Kristin wrote: "The problem is NOT Title IX, but its unethical
application by lazy school administrators. I have deposed MANY, MANY
school administrators who do not have the slightest clue about what
Title IX requires but who jump at quick fixes to avoid litigation."
I agree and offer an example of the quick fix. I am presently working
a complaint in one of the larger districts where the high schools need
about 900 female athletes in the next four years. The pattern has been
documented and duly noted and an Agreement to Resolve the
disproportionality has been signed. Then the mandate passed to the next
level of administration and something called "Bowling for Girls" was
added. The addition was a knee-jerk reaction. As far as I can determine
no one was consulted and the planning has to have been done somewhere
over lunch on a napkin.
Budgets were slammed together over the cries of outraged principals and
some flimsy Tee shirts were hurriedly sanctioned as "uniforms" and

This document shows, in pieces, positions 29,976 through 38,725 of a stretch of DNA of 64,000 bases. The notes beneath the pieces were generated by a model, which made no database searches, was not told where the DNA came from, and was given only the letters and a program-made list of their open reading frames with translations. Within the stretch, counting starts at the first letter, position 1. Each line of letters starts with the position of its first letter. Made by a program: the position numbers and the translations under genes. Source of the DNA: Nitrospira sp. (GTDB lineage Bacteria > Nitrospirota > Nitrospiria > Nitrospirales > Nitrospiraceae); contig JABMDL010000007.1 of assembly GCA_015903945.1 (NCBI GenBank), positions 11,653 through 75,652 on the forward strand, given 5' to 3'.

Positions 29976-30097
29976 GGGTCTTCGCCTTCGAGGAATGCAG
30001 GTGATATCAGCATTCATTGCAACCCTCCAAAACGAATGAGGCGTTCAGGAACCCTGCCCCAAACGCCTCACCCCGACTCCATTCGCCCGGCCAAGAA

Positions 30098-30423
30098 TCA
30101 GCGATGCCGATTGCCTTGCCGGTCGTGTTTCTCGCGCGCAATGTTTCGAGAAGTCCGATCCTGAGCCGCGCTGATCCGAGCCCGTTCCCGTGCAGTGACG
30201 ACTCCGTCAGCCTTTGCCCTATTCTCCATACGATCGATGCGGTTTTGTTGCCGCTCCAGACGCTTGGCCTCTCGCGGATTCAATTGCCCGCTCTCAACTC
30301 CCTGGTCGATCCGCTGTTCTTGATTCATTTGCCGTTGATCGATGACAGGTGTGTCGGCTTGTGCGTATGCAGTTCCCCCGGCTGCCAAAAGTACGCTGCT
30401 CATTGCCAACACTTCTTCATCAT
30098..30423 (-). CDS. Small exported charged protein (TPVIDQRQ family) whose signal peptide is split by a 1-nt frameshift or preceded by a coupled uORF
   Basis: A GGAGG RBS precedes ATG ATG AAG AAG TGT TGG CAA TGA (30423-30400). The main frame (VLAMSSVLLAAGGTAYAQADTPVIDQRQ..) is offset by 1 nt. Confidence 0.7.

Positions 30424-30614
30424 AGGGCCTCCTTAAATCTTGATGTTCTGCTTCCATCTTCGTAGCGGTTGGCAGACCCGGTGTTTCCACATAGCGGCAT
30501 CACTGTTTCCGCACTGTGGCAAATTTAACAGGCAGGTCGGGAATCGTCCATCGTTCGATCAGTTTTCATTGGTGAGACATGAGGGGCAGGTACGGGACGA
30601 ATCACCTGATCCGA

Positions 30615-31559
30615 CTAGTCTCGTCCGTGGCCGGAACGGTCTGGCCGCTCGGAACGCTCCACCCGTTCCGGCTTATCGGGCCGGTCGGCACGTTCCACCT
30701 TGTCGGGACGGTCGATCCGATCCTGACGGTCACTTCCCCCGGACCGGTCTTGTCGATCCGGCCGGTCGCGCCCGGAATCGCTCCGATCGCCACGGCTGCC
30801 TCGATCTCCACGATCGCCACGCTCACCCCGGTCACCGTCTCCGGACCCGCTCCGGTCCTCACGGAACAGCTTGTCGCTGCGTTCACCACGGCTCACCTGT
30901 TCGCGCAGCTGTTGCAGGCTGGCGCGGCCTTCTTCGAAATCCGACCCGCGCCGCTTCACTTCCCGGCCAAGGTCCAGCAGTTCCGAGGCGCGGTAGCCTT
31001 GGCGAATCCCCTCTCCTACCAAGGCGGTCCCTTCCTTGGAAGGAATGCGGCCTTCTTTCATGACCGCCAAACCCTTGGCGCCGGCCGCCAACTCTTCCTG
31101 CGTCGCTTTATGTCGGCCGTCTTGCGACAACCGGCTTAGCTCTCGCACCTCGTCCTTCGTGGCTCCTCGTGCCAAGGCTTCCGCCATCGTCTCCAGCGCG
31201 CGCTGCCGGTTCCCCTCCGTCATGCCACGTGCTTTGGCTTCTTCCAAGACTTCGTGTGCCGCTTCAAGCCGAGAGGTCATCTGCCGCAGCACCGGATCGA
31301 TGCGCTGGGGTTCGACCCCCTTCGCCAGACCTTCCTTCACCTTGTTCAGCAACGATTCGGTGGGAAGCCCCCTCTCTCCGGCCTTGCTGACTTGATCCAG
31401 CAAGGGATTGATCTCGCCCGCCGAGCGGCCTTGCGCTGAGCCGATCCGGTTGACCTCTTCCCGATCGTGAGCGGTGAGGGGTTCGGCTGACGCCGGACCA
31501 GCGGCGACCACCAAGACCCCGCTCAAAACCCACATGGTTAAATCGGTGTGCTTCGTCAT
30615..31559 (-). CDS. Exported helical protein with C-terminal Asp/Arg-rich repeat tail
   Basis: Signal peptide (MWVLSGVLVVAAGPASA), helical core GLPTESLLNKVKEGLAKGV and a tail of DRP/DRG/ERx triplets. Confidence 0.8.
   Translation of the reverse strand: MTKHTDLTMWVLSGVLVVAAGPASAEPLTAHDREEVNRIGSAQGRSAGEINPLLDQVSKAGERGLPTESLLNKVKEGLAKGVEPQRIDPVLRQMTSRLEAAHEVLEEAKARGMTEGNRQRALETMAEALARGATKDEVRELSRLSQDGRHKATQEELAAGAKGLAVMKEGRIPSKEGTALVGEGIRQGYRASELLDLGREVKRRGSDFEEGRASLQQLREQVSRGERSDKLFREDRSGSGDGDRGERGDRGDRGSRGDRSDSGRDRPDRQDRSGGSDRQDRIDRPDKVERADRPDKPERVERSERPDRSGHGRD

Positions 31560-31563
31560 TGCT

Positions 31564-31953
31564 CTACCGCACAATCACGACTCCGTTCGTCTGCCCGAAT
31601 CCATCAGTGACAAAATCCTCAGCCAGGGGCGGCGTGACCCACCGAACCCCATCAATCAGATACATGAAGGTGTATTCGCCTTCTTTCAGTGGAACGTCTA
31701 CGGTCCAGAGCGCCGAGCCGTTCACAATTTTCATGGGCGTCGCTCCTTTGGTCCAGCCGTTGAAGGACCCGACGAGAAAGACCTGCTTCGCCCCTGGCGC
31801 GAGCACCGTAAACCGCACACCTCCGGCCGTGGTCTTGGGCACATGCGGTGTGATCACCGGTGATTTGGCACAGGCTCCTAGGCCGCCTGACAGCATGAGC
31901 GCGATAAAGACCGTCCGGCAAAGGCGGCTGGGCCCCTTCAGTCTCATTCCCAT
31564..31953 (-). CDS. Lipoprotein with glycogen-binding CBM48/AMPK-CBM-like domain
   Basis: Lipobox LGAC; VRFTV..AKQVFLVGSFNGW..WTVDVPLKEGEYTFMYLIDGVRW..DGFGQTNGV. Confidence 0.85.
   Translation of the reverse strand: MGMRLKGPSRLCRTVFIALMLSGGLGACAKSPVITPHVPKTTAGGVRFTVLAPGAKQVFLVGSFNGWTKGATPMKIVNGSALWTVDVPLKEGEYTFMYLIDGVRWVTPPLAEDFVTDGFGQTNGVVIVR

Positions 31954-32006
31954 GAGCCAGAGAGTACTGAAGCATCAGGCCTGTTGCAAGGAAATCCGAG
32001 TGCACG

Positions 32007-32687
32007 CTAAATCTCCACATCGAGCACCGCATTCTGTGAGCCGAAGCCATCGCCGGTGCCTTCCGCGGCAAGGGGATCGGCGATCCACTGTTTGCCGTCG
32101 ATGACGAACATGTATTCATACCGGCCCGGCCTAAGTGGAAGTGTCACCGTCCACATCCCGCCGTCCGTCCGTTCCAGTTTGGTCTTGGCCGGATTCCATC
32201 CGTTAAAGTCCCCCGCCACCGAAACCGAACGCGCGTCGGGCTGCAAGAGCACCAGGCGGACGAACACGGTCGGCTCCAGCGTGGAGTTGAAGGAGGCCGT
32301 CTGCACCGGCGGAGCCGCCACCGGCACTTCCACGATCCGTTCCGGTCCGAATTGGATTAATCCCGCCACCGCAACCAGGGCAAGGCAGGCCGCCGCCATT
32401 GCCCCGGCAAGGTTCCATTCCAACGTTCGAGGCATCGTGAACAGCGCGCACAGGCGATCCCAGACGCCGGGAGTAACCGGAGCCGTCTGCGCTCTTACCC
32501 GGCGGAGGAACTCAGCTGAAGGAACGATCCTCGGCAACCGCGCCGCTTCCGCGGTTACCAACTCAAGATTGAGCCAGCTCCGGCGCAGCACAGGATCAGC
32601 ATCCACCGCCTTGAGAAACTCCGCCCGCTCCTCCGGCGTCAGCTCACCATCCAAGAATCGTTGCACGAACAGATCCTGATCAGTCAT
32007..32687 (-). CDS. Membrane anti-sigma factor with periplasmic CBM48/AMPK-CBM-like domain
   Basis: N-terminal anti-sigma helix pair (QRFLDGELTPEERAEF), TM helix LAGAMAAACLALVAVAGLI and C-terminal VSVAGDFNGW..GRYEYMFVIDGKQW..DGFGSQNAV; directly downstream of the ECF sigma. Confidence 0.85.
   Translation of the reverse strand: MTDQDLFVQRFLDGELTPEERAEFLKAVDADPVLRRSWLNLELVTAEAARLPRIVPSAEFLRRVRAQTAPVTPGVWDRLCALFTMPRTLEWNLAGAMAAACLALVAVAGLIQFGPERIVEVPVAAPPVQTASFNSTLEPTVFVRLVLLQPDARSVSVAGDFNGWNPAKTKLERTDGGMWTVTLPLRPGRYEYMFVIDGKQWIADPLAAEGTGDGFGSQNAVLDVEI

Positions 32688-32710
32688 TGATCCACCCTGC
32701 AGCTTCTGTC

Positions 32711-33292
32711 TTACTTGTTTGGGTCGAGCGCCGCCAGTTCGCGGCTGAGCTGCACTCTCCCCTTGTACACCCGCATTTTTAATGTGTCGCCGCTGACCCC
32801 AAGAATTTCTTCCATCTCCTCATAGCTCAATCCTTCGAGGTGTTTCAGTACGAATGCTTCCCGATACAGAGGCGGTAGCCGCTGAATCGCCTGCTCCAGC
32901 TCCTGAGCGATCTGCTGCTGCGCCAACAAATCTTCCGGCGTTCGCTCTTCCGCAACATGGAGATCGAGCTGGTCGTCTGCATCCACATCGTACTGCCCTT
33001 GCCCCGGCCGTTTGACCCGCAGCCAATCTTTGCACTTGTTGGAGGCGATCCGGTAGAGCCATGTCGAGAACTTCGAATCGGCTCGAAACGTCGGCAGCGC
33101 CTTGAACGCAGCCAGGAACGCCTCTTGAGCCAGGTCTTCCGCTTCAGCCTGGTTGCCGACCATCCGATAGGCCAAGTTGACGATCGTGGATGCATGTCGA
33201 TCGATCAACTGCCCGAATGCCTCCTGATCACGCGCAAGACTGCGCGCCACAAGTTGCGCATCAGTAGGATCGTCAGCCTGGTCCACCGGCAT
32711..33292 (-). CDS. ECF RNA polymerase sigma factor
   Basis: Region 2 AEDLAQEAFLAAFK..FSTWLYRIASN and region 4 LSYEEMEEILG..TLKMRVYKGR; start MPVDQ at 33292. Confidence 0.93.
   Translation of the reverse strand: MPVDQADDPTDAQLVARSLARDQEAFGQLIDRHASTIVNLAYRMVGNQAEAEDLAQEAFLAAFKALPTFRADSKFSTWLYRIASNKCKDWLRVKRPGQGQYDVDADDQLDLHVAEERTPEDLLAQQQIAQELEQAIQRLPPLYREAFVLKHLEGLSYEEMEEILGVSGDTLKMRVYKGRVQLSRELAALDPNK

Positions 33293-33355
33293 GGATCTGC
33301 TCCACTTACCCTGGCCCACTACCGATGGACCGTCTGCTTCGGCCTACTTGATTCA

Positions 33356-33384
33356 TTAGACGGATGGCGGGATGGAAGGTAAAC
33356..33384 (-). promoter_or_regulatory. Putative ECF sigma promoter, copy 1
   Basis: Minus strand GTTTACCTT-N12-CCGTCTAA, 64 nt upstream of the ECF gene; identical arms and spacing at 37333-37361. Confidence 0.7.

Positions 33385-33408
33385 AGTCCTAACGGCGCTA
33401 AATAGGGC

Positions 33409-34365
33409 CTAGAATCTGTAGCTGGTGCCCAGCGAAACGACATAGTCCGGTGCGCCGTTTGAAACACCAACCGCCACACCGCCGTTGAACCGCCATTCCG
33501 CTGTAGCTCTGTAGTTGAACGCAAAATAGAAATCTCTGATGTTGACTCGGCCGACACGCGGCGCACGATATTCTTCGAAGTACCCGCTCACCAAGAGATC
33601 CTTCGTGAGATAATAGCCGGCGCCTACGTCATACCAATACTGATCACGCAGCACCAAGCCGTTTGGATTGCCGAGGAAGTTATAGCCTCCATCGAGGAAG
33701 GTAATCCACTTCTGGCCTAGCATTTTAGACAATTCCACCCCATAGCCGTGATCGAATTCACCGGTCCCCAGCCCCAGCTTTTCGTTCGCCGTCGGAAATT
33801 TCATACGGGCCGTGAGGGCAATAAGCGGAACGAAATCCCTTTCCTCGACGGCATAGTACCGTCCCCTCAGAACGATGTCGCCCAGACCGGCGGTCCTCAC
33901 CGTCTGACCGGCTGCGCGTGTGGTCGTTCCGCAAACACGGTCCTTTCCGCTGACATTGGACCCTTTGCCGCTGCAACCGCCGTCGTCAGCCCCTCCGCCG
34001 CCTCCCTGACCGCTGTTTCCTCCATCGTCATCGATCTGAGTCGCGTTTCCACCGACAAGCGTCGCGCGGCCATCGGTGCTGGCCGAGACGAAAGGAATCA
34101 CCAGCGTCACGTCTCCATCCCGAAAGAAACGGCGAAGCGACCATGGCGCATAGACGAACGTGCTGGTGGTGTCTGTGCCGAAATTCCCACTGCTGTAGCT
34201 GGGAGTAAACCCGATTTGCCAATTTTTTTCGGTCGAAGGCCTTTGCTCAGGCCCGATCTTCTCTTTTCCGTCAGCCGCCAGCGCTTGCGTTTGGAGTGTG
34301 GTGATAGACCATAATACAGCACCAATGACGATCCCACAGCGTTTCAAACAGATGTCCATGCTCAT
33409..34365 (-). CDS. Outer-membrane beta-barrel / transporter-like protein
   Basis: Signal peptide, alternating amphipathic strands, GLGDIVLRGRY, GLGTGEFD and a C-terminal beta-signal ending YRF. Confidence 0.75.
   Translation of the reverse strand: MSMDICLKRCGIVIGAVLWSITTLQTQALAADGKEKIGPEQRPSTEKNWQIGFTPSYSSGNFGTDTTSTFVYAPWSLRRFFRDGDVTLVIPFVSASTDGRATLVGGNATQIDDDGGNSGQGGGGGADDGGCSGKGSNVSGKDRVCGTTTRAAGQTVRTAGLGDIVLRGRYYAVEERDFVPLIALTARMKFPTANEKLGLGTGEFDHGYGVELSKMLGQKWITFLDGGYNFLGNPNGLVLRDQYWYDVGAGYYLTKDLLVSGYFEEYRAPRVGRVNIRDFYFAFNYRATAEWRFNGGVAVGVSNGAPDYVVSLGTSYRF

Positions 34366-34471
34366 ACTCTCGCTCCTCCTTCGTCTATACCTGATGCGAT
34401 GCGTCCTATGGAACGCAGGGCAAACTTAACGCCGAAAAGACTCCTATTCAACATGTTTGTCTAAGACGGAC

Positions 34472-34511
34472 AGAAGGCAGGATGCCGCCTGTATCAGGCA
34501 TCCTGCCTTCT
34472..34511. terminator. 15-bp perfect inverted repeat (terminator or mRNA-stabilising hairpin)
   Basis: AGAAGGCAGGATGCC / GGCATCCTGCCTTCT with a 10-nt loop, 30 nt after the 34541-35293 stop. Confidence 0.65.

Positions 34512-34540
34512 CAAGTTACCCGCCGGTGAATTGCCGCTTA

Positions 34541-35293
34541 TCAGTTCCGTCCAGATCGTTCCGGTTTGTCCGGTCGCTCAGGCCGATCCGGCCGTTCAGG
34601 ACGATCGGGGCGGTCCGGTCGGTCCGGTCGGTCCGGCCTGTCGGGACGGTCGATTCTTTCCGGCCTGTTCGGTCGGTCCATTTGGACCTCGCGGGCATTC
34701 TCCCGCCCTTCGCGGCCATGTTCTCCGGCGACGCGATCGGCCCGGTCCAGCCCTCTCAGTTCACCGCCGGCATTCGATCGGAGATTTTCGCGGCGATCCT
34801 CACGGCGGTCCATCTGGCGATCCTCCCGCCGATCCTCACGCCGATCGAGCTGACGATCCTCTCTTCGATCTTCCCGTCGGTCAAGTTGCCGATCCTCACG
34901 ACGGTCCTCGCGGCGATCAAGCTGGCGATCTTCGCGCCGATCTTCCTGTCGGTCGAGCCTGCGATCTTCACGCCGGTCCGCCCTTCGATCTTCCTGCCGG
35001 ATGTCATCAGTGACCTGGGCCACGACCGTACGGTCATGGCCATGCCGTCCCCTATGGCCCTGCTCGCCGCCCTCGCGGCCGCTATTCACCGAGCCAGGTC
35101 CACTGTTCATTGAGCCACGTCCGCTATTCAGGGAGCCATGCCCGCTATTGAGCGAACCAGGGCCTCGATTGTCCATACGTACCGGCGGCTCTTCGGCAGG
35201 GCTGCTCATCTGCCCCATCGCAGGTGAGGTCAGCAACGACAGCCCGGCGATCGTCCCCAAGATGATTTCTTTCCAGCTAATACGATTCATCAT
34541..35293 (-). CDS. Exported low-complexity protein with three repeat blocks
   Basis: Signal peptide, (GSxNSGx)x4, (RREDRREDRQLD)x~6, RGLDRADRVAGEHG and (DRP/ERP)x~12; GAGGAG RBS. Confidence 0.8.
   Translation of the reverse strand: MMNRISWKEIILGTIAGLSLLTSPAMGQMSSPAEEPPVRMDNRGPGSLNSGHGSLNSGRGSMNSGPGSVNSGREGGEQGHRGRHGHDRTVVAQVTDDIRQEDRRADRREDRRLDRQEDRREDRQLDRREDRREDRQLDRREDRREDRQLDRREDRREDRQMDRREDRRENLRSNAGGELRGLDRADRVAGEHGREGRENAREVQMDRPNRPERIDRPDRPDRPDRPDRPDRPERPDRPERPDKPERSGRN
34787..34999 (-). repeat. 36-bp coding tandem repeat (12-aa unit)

sloppy rental balls declared, "good enough for girls." Coaches were
hired (even those who can't bowl), notices were sent signed by "The
Commissioner" who, it turns out, is a local bowling proprietor and
apparently each girl who showed up had to pay $12.00 to join the team
and the amateur association. It is crowded at the bowling lanes so some
schools only practiced every other day and, as a cost saving practice,
the girls walk to the alleys. We are in Washington State and rain is
winter's calling card so they arrive daily at the venue soaking wet.
Every other sport has a requirement for 10 days of practice before
competition but "Bowling for Girls" completely waived that rule.
Essentially, "Walk in off the street and compete." is the new standard.
This list goes on... but...
The fact is that "Bowling for Girls" is limited to five girls on a team
and seven on a squad. Even if each of the five high schools "fields"
two teams 7x2=3D14x5=3D60 and 60 doesn't equal 900. So we have begun a
very painful discussion of why bowling, way down in the athletic
interest survey was suddenly first choice by administrators. The really
painful part of the discussion will be deciding how to decide what sport
is next.... and next.... and next!
The goal or the deadline hasn't changed: 900 new female athletes in four
This archive was generated by hypermail 2.1.2 : Fri Apr 12 2002 - 15:15:38 EDT